On November 26, Martel Maides of St Peter Port sold three Yongzheng period (1723-1735) famille rose bowls consigned by a Channel Islands family who have owned them for at least 80 years.
Catalogued by former Sotheby's specialist Julian Thompson, they found many admirers when on view in London during Asian Art in London.
A pair of 4 3/4in (12cm) bowls, each with a six-character mark to the base, shared their rare gourd decoration with a single bowl, formerly in the Robert Chang Collection, that sold at Christie's Hong Kong in November 2006 for a premium-inclusive HK$5,496,000 (then $710,188).
After competition between 14 telephone lines and three active buyers in the room, they sold at £1.02m (plus 15 per cent buyer's premium) to a Far Eastern buyer.
There was also a single 4in (10cm) bowl superbly enamelled with Shou Lao, the Daoist god of longevity, riding a stag accompanied by Lan Caihe, one of the Eight Immortals, a subject more often found on late Kangxi wares.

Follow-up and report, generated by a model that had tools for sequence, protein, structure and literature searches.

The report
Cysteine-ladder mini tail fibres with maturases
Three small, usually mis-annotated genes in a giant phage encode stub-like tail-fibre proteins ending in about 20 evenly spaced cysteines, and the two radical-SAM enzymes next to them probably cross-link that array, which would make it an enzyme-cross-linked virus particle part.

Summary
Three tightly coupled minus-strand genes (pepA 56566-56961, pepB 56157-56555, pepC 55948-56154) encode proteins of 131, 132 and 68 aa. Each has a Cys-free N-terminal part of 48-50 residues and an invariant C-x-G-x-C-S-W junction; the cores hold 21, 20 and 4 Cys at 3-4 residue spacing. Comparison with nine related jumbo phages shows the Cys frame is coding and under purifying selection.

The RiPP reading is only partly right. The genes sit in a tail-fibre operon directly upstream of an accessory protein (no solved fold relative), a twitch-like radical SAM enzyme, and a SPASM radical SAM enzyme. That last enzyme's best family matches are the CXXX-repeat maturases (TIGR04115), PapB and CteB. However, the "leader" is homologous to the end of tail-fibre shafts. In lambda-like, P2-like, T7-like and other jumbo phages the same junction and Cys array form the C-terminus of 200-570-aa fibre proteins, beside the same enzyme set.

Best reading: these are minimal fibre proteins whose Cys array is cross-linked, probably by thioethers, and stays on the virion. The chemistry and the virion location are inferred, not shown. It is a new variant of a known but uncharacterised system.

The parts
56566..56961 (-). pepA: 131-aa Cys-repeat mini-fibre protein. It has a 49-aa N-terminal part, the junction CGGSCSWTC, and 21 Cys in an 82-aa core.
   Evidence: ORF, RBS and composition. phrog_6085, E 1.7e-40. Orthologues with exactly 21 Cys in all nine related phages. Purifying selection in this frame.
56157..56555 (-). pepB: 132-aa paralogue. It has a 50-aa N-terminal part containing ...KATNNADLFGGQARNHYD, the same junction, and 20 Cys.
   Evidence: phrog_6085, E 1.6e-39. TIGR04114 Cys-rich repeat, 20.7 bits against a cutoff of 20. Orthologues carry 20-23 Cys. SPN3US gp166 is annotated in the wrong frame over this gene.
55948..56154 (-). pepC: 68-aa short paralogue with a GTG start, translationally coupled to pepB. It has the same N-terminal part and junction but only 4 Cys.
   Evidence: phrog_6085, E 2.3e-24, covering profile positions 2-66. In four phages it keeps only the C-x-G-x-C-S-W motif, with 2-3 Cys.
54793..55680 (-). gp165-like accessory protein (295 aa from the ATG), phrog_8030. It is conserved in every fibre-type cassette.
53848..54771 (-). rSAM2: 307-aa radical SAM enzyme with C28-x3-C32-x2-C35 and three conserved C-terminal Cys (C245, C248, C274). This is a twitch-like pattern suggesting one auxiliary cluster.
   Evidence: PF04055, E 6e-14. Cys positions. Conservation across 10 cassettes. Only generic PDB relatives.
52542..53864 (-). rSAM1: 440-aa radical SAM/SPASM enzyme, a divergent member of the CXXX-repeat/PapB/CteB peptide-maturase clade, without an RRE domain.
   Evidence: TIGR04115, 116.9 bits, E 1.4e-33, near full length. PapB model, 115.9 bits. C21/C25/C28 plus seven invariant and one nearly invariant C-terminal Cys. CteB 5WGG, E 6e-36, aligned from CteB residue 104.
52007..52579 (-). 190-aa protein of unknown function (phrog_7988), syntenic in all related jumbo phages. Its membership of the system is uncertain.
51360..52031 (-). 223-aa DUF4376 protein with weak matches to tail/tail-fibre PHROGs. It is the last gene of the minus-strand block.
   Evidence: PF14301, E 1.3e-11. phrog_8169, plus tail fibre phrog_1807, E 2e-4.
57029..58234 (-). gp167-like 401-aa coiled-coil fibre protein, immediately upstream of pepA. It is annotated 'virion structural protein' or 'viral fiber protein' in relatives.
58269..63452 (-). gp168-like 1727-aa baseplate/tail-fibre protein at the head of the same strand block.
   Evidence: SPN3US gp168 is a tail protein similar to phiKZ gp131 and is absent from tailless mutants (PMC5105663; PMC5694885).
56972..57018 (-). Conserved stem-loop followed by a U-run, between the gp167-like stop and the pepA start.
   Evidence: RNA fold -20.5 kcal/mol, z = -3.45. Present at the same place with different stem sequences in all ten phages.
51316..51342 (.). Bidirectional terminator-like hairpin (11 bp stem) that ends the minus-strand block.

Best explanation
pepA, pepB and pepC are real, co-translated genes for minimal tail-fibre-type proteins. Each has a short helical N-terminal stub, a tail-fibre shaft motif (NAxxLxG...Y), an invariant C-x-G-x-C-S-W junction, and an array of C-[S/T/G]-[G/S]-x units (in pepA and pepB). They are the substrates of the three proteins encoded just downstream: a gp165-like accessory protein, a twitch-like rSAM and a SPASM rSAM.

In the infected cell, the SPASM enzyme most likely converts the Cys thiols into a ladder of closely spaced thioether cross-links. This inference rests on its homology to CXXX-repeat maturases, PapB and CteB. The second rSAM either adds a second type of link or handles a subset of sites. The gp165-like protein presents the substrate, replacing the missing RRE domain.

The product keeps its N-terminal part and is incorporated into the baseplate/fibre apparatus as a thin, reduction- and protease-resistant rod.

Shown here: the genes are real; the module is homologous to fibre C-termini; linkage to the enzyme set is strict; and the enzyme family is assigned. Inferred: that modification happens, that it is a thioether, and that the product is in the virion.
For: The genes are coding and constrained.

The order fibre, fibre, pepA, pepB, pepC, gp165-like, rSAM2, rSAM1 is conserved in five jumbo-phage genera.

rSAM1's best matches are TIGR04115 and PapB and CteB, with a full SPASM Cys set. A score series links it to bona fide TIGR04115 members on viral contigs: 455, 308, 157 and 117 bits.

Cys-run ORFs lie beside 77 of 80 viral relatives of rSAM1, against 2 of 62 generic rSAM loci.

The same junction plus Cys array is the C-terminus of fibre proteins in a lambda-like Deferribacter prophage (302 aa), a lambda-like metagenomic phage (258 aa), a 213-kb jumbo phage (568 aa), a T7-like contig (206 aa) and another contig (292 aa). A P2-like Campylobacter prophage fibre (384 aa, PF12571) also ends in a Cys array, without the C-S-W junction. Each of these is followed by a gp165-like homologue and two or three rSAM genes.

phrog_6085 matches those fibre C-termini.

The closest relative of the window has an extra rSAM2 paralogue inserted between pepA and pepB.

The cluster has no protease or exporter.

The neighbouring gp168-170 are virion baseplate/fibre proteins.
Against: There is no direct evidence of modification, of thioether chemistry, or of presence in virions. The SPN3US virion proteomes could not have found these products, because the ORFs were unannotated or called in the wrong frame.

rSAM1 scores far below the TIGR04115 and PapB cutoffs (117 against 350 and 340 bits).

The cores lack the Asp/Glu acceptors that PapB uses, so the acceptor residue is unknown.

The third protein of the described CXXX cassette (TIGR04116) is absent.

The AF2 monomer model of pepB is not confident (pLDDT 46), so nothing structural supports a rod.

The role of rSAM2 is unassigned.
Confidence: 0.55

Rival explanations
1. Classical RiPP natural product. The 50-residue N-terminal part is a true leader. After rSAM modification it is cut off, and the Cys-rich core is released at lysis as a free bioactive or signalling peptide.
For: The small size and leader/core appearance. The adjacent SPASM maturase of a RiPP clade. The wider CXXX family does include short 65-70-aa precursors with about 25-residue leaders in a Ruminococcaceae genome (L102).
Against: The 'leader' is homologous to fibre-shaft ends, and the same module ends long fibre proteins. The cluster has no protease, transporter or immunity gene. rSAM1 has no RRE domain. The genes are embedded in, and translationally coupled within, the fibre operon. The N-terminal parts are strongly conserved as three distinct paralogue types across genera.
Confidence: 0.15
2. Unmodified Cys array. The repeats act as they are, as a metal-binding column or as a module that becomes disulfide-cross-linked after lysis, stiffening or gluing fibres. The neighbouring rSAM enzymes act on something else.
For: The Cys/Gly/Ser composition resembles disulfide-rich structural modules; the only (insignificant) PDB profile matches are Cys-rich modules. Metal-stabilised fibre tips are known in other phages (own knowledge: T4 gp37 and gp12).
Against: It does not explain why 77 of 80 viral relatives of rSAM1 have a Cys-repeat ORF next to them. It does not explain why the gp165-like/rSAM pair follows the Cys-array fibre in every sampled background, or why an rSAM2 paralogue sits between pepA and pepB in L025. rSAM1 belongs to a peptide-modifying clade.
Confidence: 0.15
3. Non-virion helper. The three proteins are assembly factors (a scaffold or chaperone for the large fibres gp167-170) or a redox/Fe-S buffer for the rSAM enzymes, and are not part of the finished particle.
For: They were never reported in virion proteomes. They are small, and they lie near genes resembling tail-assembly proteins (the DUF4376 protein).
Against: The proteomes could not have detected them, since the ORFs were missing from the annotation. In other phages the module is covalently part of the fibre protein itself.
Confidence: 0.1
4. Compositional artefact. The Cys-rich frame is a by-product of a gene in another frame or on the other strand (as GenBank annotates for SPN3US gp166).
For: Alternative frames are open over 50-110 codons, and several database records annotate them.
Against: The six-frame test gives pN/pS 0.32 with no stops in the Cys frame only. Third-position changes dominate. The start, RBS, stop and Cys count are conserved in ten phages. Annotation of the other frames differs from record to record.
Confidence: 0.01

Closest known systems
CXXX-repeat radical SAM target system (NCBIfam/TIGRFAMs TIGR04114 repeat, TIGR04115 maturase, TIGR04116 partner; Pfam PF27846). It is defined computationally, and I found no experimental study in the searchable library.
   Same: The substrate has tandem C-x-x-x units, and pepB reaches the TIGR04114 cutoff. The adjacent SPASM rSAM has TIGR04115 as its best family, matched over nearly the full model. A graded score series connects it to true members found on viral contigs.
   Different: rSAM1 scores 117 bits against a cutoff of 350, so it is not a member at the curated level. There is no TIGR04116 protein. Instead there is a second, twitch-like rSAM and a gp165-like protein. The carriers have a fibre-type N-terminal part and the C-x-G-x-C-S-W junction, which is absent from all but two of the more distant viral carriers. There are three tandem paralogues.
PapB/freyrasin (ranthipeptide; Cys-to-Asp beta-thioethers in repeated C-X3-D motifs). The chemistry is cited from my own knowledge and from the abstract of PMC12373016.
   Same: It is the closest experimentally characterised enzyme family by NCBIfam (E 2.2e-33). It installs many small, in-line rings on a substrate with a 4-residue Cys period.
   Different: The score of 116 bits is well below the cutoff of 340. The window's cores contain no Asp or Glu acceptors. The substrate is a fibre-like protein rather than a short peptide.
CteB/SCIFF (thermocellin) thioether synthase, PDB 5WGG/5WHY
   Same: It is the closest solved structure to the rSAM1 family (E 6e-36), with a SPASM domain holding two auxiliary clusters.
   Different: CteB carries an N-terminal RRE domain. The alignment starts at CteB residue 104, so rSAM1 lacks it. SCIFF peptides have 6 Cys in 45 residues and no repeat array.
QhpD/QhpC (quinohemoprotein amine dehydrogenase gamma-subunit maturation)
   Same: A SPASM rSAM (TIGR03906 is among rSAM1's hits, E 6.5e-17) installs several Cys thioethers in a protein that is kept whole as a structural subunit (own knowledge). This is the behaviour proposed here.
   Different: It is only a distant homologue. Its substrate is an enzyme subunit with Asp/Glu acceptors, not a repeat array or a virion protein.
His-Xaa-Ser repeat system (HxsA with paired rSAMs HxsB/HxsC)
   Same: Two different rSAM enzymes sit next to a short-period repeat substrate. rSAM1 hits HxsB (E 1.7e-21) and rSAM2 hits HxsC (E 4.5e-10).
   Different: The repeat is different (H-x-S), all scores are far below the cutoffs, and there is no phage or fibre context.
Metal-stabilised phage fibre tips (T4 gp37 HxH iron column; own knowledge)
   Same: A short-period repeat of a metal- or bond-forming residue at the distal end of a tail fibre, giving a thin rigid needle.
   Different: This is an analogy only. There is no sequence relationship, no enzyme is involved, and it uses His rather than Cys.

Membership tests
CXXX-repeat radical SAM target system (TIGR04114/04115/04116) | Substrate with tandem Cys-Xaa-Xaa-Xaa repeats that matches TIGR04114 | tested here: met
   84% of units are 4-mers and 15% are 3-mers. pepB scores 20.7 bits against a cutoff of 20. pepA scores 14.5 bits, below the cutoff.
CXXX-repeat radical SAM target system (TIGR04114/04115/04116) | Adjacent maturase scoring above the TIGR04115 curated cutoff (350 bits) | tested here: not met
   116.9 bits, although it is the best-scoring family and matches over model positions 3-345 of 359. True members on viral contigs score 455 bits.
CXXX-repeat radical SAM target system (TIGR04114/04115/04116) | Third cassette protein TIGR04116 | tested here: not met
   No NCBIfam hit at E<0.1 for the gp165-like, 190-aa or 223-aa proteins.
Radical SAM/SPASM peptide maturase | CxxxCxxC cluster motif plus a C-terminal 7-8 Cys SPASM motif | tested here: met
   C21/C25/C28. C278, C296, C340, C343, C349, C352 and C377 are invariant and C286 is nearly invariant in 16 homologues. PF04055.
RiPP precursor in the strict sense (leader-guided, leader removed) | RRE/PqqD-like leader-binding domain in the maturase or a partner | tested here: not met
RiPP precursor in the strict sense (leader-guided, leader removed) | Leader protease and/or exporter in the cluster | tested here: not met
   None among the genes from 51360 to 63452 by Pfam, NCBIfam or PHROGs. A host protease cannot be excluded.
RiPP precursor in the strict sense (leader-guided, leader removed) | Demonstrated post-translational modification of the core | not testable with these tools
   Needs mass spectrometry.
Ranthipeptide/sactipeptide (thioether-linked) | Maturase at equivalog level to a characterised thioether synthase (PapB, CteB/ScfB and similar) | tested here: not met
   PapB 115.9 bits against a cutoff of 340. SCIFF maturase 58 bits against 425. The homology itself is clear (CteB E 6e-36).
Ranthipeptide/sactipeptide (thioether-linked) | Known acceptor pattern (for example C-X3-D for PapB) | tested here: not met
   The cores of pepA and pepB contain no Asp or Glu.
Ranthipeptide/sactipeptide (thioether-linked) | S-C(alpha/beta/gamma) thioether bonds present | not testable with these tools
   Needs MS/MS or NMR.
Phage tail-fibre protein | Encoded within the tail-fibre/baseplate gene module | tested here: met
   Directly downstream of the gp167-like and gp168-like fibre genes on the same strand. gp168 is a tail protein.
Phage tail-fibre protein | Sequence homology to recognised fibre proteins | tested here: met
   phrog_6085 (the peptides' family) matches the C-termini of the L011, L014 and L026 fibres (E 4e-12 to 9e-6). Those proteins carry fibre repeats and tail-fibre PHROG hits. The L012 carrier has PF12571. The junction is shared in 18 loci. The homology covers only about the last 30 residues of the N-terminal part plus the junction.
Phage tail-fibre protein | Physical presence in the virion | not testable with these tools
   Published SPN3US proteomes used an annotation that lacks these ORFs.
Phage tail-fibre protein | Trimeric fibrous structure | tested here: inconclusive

Against a £10,000-15,000 estimate that reflected a hair crack, it sold at £280,000 to the same buyer.
Byrne's had received a Qianlong (1735-1795) mark and period gilt-bronze and cloisonné champion cup from a local lady at a valuation day.
She had been offered £350 for it by a dealer and was pleased to learn the auctioneers thought it worth £800-1200.
The name 'champion' cup is a pun on the words ying (falcon) and xiong (bear), the mythical creatures that unite the two conjoined cloisonné cylinders. Together they form the word yingxiong or 'champion'.
This example, standing 5in (13cm) high on a carved hardwood stand, sold to London dealer Eskenazi at £190,000 (plus 20 per cent buyer's premium).